Despite my background as a non-fiction writer, I haven’t yet written a blog covering my top ten non fiction books. Time to put that right, methinks. I’m focusing here on books that anyone might enjoy, so I’ve excluded specialised works or things which have dated, and ignored niche things like craft books or cook books (maybe another time…. ) I’m also going to save biography, autobiography (and travel, which is really autobiography) for another date. (Oooh I do love a list, but regular readers of this blog probably already know this.)
I adore fiction, and with only 24 hours in a day to read and soooo many good books out there, waiting… who has time for non-fiction? I’ve tried to be very selective here and only pick books which I think are entertaining, thought provoking, and above all, well-written. Here we go. These are not in order of preference, by the way.
1 Why Love Matters by Sue Gerhardt. Let’s get the hardest choice out of the way first. As a writer of childcare books, it’s really, really hard to choose just one book about child development, but I think every human being who takes care of babies should probably be forced to read this book. Fortunately the word ‘cortisol’ is now more widely in circulation and maybe some people are beginning to understand its effect on the developing brain, thanks in part to this pioneering book, but sadly not enough. It’s not the easiest of reads, but it is forensically researched. Best science/parenting book.
2. The Year 1000: What life was like at the turn of the first millennium by Robert Dacey. This book came out in the year 2000 and it still fascinates me. An intimate portrait of England in the year 1000, month by month. Best social history book.
3. Lines in the Sand by AA Gill. Gill was an amazing journalist; his columns were a joy to read. I subscribed to the Sunday Times for years just to get that weekly treat. I probably prefer his collection, Previous Convictions, but the contents of Lines In the Sand were published posthumously and so they contain the poignant, painfully few, columns where he discovered he had terminal cancer. Best book of journalism
4. Eat that frog! by Brian Tracy. I’m a sucker for self-help books – aren’t we all?- but this one has been the most useful. You’ve probably heard the phrase ‘eat a frog’ but not understood its origin. Well here is the most useful advice you’ll ever have to get things done, and it’s a short snappy book as well. Best self help book.
5. Eats, shoots and leaves by Lynn Truss. An unexpected but deserving best seller at the time of its release. Who would’ve thought a book about punctuation would take off? The power of good writing. Best reference book.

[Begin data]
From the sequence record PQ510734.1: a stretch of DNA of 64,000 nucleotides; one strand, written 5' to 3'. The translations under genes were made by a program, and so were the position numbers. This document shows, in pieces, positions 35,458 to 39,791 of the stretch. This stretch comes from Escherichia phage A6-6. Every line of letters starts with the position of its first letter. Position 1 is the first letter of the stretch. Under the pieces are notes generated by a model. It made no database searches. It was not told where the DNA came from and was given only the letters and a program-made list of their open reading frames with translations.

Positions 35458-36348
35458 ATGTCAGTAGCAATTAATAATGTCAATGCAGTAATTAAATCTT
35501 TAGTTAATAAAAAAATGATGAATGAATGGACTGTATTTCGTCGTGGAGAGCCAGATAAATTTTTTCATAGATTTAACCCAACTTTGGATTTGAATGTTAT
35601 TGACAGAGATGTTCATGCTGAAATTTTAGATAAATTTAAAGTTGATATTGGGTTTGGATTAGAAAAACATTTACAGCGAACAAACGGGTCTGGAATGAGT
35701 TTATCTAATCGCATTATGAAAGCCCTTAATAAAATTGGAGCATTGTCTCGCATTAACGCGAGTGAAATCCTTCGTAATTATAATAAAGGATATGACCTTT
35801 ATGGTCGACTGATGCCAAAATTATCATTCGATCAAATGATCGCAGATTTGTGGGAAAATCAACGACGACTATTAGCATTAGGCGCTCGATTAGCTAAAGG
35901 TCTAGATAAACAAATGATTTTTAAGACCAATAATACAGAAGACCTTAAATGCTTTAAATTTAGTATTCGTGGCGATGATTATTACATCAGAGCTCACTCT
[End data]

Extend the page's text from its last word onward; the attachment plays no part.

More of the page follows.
6. Rubbish! by Richard Girling. There have been many books written about the environmental crisis, so maybe it’s foolish to try and choose, but this one from 2005 stands out for me. The sad thing is that nothing really has changed in the intervening years – if anything it has got far worse. Best environmental book
7. Quiet; the power of introverts in a world that can’t stop talking by Susan Cain. Might not be for everyone, this book, but for anyone who’s ever dreaded going to a party, doing karaoke or – that 2020 thing: having a group chat on Zoom, this book will explain it all. It’s not about shyness, it’s far more complicated than that, but Cain makes it all simple and entertaining. (Incidentally if you like this then you’ll probably also love Sara Maitland’s brilliant Book of Silence – but I’m saving that for my top ten biographies list). Best psychology book
9. The Blind Watchmaker by Richard Dawkins. The watchmaker argument is a ‘teleological’ argument which states that God must exist because the universe is so complex. (Basically if you found a watch on the ground you would never assume it had come into existence by chance, so why would you assume the same for the universe?). I did a year of Metaphysics at University and remember reading David Hume’s refutation of teleology, but have to say I didn’t find it so convincing, even though Edinburgh loves him so much they’ve put up a statue to him and named one of their biggest university buildings after him. But The Blind Watchmaker shows how evolution can create something complex in a (relatively) short period of time. Dawkins is a controversial figure, but he is also a captivating writer. I’d also recommend his earlier work The Selfish Gene. Best popular science book.
10. On Roads by Joe Moran. Honestly why has a book about roads made this list? Because it is so entertaining, informative and just damn well written. This is a fantastic piece of recent social history and I couldn’t put it down. His follow up book, Queueing for Beginners also deserves to be in my top ten. (I’ve just had a quick look online and he has written several more books which I’ve yet to read. That’s my Christmas book token spent I guess). Best general non-fiction book.
I could’ve carried on for ages with this list, but ten categories feels like enough. There was the brilliant Forensics: The Anatomy of Crime by Val McDermid which is a gruesome yet fascinating read. Bad Science by Ben Goldacre, published in 2008, is definitely a must-read for these days of Fake News, and then there are the weird and eclectic books about niche subjects which I adore: Counting Sheep; the science and pleasures of sleep and dreams by Paul Martin, or Biting the Dust; The joys of housework by Margaret Horsfield, or how about Proust and the Squid: the story and science of the reading brain, by Maryanne Wolf? And don’t even get me started on all those political texts which helped form who I am today… Enough is enough. Enjoy the list and, as always, let me know if I’ve missed anything special.